It's quite likely your car already has one.Good grief, what automotive fan draws 19Amps? I'm not saying it isn't so. I just want to know so I never buy a vehicle that has one!
Wow. I'm as surprised at how low that amps rating is as people were surprised at the high 19 A figure!...
The RB: I know that many radiator fans are electric motor powered, I was surprised at the 19 amps but I guess that is not too far out of line. However, my 2.4 liter Toyota engine's electric radiator fan is rated at 3.4 amps.
it is out of a race car that crashed. I am using the fan in my farm tractor. It is a Flex-a-lite 580 dual motor fan. When it's on (had only one speed) it is moving some air. I have the on/off/on switch so that is why I want twop speeds.....sorry for the delay in returning, you guys are quick. I am hoping for a simple fix.Alright, you've got us kicking conjecture all over the place. Are you going to tell us what the application of this fan is?
please do help with this MOSFET switch. I was doing some google but still need help.U will need a MOSFET to do this....I guess our Sgt will be up for the task
A MOSFET is basically an electric switch. Putting a voltage between the gate and source allows current to flow through the transistor (it's more complicated than that, but it should give you an idea).please do help with this MOSFET switch. I was doing some google but still need help.
Could I also use the resistor, high wattage that simply goes in series from sw to fan? There was metion of a 60W .6 ohm. Is the a radio shack purchase for either?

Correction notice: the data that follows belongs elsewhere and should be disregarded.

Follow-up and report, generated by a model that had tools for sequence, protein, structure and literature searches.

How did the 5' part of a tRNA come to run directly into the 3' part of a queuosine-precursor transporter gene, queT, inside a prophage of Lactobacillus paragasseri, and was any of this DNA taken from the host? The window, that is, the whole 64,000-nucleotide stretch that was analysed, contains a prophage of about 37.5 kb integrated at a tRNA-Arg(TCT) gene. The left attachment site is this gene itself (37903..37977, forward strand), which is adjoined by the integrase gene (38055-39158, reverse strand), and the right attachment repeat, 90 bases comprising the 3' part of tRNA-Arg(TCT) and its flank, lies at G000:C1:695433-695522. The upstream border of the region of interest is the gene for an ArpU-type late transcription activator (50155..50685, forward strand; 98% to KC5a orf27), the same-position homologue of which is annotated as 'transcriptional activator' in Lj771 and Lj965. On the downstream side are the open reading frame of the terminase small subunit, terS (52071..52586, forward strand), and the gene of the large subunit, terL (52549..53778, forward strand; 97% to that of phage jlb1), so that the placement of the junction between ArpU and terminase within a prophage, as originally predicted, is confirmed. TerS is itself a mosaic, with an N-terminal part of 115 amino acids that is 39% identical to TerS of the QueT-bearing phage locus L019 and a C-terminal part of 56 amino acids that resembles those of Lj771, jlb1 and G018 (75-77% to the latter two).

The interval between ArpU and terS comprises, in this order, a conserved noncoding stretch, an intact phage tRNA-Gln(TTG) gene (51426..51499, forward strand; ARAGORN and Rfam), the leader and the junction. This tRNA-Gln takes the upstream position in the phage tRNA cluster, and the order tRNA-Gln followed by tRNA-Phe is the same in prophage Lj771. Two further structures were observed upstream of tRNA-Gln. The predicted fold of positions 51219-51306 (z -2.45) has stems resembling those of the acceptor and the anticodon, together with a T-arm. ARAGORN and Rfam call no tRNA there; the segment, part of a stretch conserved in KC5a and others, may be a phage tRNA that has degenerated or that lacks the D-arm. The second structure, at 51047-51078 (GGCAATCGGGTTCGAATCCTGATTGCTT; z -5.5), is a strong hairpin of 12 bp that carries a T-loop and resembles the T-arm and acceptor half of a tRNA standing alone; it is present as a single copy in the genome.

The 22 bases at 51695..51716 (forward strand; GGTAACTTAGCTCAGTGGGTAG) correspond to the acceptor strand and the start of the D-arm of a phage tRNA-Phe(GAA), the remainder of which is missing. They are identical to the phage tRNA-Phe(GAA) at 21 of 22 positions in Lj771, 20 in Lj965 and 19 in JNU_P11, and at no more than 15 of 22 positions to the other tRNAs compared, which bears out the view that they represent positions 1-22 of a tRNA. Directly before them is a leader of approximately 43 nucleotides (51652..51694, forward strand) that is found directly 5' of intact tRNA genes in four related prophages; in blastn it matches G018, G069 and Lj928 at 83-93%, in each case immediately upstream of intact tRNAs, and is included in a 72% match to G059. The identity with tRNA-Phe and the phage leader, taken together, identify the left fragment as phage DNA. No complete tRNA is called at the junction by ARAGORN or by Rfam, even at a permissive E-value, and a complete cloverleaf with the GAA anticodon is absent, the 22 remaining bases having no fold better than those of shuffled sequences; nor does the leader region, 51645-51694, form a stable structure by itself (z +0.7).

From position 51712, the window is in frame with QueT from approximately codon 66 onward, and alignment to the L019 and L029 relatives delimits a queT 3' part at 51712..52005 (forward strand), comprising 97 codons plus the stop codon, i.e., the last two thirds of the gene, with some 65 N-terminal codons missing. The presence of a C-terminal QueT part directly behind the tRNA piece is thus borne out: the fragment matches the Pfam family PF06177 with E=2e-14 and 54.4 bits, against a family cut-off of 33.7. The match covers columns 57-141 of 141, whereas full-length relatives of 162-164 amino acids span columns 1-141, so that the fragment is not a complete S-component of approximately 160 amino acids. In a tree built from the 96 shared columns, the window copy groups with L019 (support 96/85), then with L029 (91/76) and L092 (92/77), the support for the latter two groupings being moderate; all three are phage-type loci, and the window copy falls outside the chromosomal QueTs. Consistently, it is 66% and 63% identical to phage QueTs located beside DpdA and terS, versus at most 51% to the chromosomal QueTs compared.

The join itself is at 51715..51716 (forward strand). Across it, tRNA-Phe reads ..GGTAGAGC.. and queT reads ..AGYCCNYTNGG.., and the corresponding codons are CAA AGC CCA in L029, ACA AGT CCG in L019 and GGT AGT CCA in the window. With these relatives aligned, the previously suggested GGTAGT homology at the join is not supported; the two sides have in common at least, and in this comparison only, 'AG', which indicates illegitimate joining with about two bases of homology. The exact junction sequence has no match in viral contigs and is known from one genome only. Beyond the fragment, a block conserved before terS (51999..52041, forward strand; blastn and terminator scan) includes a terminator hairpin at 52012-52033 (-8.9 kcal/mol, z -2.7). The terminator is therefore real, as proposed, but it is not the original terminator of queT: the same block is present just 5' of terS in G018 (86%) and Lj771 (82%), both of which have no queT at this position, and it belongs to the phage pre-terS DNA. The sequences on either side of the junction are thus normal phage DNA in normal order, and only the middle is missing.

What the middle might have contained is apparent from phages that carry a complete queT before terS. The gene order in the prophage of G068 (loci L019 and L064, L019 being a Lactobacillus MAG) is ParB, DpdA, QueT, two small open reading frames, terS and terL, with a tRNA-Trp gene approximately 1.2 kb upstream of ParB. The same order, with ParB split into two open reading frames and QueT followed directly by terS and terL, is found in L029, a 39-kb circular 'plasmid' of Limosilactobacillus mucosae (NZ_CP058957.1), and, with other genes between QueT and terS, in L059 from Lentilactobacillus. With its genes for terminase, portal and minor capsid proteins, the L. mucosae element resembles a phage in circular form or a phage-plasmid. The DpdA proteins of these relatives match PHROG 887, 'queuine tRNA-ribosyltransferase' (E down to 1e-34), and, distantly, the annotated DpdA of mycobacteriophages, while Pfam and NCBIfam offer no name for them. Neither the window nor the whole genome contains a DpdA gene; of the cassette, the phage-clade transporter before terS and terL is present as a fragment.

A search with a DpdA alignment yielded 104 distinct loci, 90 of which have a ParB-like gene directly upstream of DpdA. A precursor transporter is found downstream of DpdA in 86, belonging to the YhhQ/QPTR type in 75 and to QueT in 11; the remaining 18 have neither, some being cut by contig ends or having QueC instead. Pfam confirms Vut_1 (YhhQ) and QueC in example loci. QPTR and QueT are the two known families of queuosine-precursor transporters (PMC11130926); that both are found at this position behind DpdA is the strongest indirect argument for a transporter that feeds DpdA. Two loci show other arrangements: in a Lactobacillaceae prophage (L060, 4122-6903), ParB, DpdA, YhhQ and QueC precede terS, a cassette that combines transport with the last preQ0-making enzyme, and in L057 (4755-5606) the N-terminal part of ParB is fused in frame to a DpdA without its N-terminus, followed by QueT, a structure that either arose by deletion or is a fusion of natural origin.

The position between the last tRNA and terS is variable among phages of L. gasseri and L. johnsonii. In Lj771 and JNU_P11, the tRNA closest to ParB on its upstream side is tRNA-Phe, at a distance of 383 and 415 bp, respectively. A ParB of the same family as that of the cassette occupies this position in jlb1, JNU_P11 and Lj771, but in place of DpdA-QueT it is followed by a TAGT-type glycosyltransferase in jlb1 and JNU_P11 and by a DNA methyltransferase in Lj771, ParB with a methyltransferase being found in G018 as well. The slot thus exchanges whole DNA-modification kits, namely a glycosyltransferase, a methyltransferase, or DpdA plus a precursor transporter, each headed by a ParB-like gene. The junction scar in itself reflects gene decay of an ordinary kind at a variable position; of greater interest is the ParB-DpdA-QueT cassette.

A MOSFET is basically an electric switch. Putting a voltage between the gate and source allows current to flow through the transistor (it's more complicated than that, but it should give you an idea).
A great way to control a motor is by using PWM, which basically turns the transistor on for a certain amount of time, then turns it off, then back on..repeatedly (and quickly) to vary the amount of current going to the motor. This is what the 555 timer is for.
You can get the 555 timer, and most components for the circuit from radioshack, but you'll need to get the transistor online (probably).
Using a resistor is very inefficient, as all of the energy that isn't going to the motor is just being dissipated as heat.
Well, then it's not much of a circuits project.So this looks like it's a field fabricated switch. I was hoping to buy it "pre-built" where all I have to do is install it. Remember this is a farm tractor, outside 100%, so I am hoping for a weather tight setup.
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